This is a guest post by Eric Straw, who paddled a body of water in all 50 states over the summer of 2017 for his Canoe 50 Campaign.
I already miss the rivers… It’s true, even after just returning from paddling a natural body of water in every state. Fortunately, as I discovered on my Canoe 50 Campaign, I don’t have to venture far to find a river. None of us do. From Delaware to the Dakotas and from Mississippi to Montana, every state in the union has a place to paddle, explore, and discover nature anew.
I have a multitude of stories and takeaways from my half-year excursion. Fresh off the water, here are a few that stick out. First off, I believe, more than ever, that our riparian areas are proper focal points for protection and barometers for overall ecosystem health; they are worth seeing, they are worth protecting and they are — along with our diverse population — what makes our nation exceptional.
Despite being from the suburbs, I grew up with a love for the outdoors. As a kid I collected wildlife sightings like baseball cards. For me, the only thing akin to finding a Ken Griffey Jr. rookie in a pack was seeing a rare animal in the wild. Both occurrences put me in a state of bliss only rivaled by an unguarded bowl of candy. Along this canoe trip, I remained enamored by chance encounters with wild animals; my first bear sighting is a prime example.
Paddling down Pine Creek Canyon, Pennsylvania, I floated under passing white clouds, above the glinting water and between the steep canyon walls cloaked in green. The evening set in with a warmth only a fine summer day can provide. Then I saw it — 200 yards down river — the unmistakable shape of a black bear. Trying to calm my excitement, I put on my zoom lens as the bear began crossing Pine Creek. In silence, I canoed downstream as the bear reached the opposing bank and began walking along the shore, towards me. Soon, I was only 30 feet from 300 pounds of fur, teeth, and claws. At a loss for creativity, I called out “Hey bear!” The lumbering creature stopped, turned and looked right at me before disappearing behind a wall of shaking leaves. I passed over the next riffle, dumb grin plastered upon my face. While the spell of baseball cards wore off long ago, I doubt the spell of wildlife ever will.
I didn’t plan this quest with the goal of reinvesting faith in the American People, but after the 2016 election, it became an enduring part of my canoe trip. In every state, I encountered strangers from all walks of life. After meeting hunters, vacationers, bikers, immigrants, fishermen, kids, and retirees, I came away with one thought — people are complicated, but mostly good.
In six months of driving backcountry roads, leaving my car overnight and camping alone, no one ever stole from me. On the contrary, the people I met offered kindness. Countless individuals provided help, rides, meals, beers, etc. On four occasions, strangers gave me cash out of the blue. One kayaker in the Florida Keys put a hundred-dollar bill in my hand. “Go get yourself a good meal and have a great trip,” were his only conditions. I’ve long touted the kindness of the American People, but even I was overwhelmed with the sheer volume of kind gestures during the course of my long paddle.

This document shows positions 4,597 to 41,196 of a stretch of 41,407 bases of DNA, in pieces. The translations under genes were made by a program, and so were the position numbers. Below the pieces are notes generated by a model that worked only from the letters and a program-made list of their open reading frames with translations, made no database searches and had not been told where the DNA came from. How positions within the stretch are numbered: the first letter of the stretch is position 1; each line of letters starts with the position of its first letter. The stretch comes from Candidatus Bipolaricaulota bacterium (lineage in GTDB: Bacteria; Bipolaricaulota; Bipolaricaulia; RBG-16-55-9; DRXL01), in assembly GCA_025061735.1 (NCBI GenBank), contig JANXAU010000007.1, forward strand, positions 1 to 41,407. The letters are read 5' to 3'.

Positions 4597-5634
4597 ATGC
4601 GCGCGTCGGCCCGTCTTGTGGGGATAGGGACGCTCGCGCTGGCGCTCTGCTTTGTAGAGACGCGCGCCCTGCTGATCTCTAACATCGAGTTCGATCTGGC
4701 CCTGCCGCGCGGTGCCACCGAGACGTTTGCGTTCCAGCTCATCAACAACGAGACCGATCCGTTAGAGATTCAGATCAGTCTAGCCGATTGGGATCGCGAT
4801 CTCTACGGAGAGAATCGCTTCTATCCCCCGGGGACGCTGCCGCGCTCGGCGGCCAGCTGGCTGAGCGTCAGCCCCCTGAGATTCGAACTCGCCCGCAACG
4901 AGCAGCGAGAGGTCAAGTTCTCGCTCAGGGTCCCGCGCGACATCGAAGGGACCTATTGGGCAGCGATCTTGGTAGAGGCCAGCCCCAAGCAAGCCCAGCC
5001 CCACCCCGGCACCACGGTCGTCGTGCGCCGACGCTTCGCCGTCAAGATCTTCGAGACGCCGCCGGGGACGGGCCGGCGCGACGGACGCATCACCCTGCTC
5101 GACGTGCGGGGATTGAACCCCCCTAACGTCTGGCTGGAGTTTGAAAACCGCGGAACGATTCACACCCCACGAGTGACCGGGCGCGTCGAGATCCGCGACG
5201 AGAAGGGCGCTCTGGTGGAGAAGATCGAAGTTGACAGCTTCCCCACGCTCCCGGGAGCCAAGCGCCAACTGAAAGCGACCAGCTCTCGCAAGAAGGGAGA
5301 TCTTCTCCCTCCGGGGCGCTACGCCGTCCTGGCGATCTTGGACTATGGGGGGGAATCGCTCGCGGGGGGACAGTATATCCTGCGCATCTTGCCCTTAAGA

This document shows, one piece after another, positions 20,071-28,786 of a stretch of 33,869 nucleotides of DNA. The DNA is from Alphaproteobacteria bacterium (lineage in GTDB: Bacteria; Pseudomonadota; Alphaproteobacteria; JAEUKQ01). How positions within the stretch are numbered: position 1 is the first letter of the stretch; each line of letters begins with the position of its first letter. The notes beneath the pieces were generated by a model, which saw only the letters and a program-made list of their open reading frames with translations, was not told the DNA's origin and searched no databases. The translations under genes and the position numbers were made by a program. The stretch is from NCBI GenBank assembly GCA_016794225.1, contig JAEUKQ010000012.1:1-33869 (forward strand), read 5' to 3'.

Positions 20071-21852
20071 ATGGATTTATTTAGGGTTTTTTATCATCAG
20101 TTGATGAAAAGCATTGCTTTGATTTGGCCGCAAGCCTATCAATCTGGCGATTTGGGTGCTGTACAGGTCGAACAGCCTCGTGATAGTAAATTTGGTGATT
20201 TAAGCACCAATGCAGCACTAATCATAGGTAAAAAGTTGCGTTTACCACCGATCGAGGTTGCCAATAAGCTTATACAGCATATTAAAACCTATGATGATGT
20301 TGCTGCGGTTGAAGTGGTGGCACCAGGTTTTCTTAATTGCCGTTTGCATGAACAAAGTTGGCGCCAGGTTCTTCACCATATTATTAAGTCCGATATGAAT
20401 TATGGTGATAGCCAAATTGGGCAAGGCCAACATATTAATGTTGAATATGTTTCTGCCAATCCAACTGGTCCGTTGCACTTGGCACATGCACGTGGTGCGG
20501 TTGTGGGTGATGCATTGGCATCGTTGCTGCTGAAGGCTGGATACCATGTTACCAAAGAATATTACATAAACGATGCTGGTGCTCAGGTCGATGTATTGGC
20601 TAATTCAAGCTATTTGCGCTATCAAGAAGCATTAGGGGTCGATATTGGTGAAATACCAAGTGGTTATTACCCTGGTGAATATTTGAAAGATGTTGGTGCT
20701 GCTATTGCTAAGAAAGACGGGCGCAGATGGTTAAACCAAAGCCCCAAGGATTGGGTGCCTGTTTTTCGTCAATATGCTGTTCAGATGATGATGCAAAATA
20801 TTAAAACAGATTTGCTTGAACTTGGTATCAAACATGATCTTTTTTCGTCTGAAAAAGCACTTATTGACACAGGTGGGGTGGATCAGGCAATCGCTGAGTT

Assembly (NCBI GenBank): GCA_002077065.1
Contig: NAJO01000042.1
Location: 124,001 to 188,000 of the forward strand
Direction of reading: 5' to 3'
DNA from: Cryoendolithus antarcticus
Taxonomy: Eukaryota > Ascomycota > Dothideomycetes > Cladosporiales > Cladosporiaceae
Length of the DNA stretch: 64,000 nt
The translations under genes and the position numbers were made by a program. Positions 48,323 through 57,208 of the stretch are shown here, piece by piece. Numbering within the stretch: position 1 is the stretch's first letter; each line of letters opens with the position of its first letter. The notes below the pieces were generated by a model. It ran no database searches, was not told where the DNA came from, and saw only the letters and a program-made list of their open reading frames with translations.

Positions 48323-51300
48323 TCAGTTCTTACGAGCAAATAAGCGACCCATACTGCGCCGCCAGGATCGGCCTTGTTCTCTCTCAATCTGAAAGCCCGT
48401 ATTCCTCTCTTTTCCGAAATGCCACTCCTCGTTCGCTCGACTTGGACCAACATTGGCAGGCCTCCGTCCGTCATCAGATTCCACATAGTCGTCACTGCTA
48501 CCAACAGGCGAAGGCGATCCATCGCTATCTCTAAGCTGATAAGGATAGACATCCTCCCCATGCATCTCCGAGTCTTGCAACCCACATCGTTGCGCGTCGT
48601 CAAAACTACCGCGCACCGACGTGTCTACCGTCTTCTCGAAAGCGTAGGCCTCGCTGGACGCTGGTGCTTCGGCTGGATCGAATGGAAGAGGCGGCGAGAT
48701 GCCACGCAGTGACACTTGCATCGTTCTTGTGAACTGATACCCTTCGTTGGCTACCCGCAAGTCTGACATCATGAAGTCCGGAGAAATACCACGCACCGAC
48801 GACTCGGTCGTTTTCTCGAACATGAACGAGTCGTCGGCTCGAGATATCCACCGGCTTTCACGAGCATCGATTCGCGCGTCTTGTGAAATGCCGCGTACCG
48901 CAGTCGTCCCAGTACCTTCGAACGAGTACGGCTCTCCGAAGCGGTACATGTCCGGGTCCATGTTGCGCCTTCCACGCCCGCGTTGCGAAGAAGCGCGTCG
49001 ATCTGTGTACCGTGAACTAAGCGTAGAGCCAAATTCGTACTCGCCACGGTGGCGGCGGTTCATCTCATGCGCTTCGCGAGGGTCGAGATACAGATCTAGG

Now, like most of us, I have many frustrations with our political climate and the normalization of viewpoints that trend in frightening directions. On the nature side alone, I think it’s a shame that the mere word environment has become so polarized. It’s a shame professing a love of nature might somehow instigate a vicious political argument. It’s a shame people feel they need to be either on the side of the economy or the environment, as if improving either inherently destroys the other.
But, after meeting with a broad swath of America and canoeing with people of all political persuasions, I can say this: we all don’t boil down to a choice between, what many regarded as, two poor options. Red state or blue state, I found that the American People, on a whole, do care about how they’re going to leave this land for their kids and grandkids. Whether it’s a turkey hunter in rural Virginia, an outfitter in Alaska, or a Paiute Tribe member in the high deserts of Nevada — people give a damn about their natural world. That should give us all hope.
Along with all the human interactions, the memories of the waterways I canoed will endure. Setting out, I was almost more excited about visiting the unassuming, low tourism budget states than the postcard destinations. Instead of finding mundane, unattractive water bodies, I was floored by the scenic rivers and unsung wilderness areas in states rarely noted for their natural beauty. In April, I swam in the clear blackwater stream on a Wild and Scenic River in Southern Mississippi. In May, I saw thousands of arctic migratory Red Knots gather by spawning horseshoe crabs at the mouth of the Mispillion in Delaware. In June, I surprised a family of river otters, playing in a shallow riffle, in the hills of Ohio. So on and so forth. My canoe quest was a never-ending showcase of American splendor in places you would and wouldn’t expect.
Classic beauty isn’t the reason our rivers deserve our respect and stewardship. Ecosystem health, human well-being, and an array of non-aesthetic factors are as essential. But, boy does it help to stir hearts and open wallets when you realize how stunning our rivers are to behold. I’ve raised money for American Rivers throughout my journey because I believe our nation needs this kind of organization to raise the profiles of endangered waterways and protect natural places, from the unassuming to the majestic. I believe America’s rivers and wildlands are what make us exceptional and they’re worth protecting — grab a paddle and go see for yourself.
Please help me reach my fundraising goal for American Rivers by donating here.
Read more of my state by state adventures at www.shamelesstraveles.com